In 1799 a process was initiated by the Danish Chancellory against the Dano-Norwegian man Peter Andreas Heiberg, whom they accused of lèse majesté and whom Crown Prince Frederick of Denmark and Norway, the real initiator of the process, considered as a troublesome political opponent. The Crown Prince wrote in a letter of 24 July that he considered Heiberg's magazine as ‘exceedingly shameful’. In a letter of 21 August the Crown Prince wrote in general that ‘no mercy’ had to be shown and that ‘fear has to be chased into these humans’, whereafter he approvingly suggested that the Chancellory initiated a trial and subsequently executed them. However, the Chancellory, considering the popular opinion in Denmark and Norway, found it too dangerous to execute Heiberg. Instead he was banished from the Kingdoms. Heiberg settled in Paris, where he lived until his death in 1841.
Case of Hielm
Det norske Nationalblad (1815–1822; English: The Norwegian National Magazine) was an oppositional magazine in Oslo. The magazine was through the publishers involved in a case of lèse majesté, after which it lost its postage reduction, forcing it to shut down. One of the publishers, Jonas Anton Hielm, was in 1825 sentenced to pay a fine of 500 speciedaler.
Case of Løberg
In 1878 Member of Parliament Hjalmar Løberg was sentenced for lèse majesté because of an article, published in the magazine Hardangeren, where he claimed that King Oscar II of Sweden and Norway had political motivations for giving a medal to a specific member of parliament.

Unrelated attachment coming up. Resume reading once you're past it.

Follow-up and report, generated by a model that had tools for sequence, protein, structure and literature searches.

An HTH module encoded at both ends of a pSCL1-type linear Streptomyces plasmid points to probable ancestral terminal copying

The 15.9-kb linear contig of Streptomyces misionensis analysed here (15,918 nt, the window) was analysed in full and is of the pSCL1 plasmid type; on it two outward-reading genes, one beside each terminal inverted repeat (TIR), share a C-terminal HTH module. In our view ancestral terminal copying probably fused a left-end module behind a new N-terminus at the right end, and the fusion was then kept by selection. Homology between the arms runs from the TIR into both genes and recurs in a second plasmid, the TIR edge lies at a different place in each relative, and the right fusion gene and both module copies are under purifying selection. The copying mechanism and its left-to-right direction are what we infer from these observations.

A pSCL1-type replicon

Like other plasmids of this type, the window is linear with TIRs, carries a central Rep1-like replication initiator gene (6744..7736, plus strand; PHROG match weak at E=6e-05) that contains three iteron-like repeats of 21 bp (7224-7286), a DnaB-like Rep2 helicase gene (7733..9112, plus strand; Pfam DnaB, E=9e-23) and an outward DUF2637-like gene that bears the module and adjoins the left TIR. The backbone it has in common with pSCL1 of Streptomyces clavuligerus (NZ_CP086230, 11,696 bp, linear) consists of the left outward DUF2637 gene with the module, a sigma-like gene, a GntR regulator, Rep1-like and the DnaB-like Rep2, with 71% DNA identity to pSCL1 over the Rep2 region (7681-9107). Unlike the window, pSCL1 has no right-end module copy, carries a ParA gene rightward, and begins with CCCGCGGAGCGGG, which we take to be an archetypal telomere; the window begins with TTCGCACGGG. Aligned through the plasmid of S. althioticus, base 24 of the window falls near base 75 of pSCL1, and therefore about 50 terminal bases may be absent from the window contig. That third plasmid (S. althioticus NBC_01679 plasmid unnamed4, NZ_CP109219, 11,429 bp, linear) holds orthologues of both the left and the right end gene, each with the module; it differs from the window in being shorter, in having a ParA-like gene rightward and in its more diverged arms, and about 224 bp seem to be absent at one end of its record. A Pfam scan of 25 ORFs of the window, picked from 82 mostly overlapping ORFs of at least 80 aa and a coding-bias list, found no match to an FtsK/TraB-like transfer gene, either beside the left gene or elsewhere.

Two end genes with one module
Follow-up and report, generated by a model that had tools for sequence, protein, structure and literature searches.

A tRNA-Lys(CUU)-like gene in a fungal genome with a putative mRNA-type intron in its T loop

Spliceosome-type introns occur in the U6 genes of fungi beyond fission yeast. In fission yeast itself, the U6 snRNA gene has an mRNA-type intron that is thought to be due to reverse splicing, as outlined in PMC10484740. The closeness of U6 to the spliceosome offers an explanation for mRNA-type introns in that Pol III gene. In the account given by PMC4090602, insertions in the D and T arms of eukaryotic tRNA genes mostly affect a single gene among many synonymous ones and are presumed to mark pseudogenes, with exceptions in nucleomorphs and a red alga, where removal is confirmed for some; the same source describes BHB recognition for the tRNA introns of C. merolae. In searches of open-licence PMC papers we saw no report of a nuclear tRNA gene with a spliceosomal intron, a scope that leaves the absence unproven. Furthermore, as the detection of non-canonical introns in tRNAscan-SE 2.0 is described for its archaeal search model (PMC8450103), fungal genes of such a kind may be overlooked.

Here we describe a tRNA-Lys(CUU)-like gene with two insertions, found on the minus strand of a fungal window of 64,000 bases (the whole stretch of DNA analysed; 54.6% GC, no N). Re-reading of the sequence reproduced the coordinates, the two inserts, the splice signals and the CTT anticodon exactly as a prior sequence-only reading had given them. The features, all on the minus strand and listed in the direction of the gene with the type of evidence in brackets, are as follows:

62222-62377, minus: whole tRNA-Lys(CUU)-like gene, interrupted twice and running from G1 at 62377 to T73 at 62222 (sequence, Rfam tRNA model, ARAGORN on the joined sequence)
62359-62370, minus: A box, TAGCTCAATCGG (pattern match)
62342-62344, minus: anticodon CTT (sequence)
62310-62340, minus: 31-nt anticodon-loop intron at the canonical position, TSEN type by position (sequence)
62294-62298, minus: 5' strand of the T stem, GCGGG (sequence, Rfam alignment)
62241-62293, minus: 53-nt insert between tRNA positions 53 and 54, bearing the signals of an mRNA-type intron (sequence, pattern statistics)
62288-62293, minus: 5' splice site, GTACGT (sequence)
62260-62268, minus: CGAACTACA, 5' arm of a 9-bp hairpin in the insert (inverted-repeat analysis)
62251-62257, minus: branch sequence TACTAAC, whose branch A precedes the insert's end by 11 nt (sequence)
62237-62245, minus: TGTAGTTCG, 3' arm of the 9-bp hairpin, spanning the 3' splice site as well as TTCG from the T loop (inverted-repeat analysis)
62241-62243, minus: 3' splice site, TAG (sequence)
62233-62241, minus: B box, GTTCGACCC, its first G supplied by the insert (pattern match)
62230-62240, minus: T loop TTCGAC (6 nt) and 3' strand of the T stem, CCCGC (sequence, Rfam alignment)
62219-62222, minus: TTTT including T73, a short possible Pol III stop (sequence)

Case of Hol
In 1884 Jon Gundersen Hol was arrested, accused of lèse majesté in his pamphlet Rifleringen (English: The Ring of Rifles). The pamphlet, published on 6 February, called upon semi-military personnel and other civilians possessing weapons to encircle and protect the Parliament in the case a coup d'état, thereby indirectly accusing King Oscar II of having such plans. Samples of the pamphlet were on 8 February confiscated by the police, and at the same time the printer Nikolai Olsen was arrested. The apprehension of Jon Hol followed on 10 February. He remained in custody until 26 February, and on 11 May he was charged for lèse majesté. Bjørnstjerne Bjørnson and Lars Holst faced the same charge. However, proceedings were stayed after the fall of the conservative government of Christian Selmer.
In 1981 a protesting punker was charged for lèse majesté after having thrown a tomato against, but however failed to hit, Queen Elizabeth II of the United Kingdom, who was in Oslo on her second state visit to Norway.
- Straffeloven, § 101 at Lovdata.
- Norwegian: Forøves nogen Ærekrenkelse mod Kongen eller Regenten, straffes den skyldige med Hefte eller Fængsel indtil 5 Aar.
- Straffeloven, § 103 at Lovdata.
- Straffeloven, § 96 at Lovdata.
- Grunnloven, § 5 at Lovdata.
- Norwegian: Kongens Person er hellig; han kan ikke lastes, eller anklages.
- Norwegian: Fornærmelser paa Legeme eller Helbred
- Norwegian: Hvo som laster Kongen, eller Dronningen, til Beskæmmelse, eller deris og deris Børns Liv eftertragter, have forbrut Ære, Liv og Gods, den højre Haand af hannem levendis afhuggis. Kroppen parteris og læggis paa Stægle og Hiul, og Hovedet med Haanden sættis paa en Stage. Undkommer Misdæderen, og ikke kand lide paa Legemet, da bør Straffen at skee paa hans Billede og Efterlignelse. Er Misdæderen af Adel, eller højere Stand, da skal hans Vaaben af Bødelen sønderbrydis, og alle hans Livs Arvinger miste deris Stand og Stamme.
- Lexow, Carl: P.A. Heiberg : Borger av menneskeligheten 2010, Novus forlag. ISBN 978-82-7099-590-5
- Norwegian: overmaade skammelig
- Norwegian: ingen Eftergivenhed
- Norwegian: Frygt maa jages i disse Mennesker
- Aftenposten (6 May 1981): Dronningen var målet [...] (English: The Queen was the Target [...])
- Aftenposten (7 May 1981): Punker siktet for majestetsforbrytelse (English: Punker Charged for Lèse Majesté)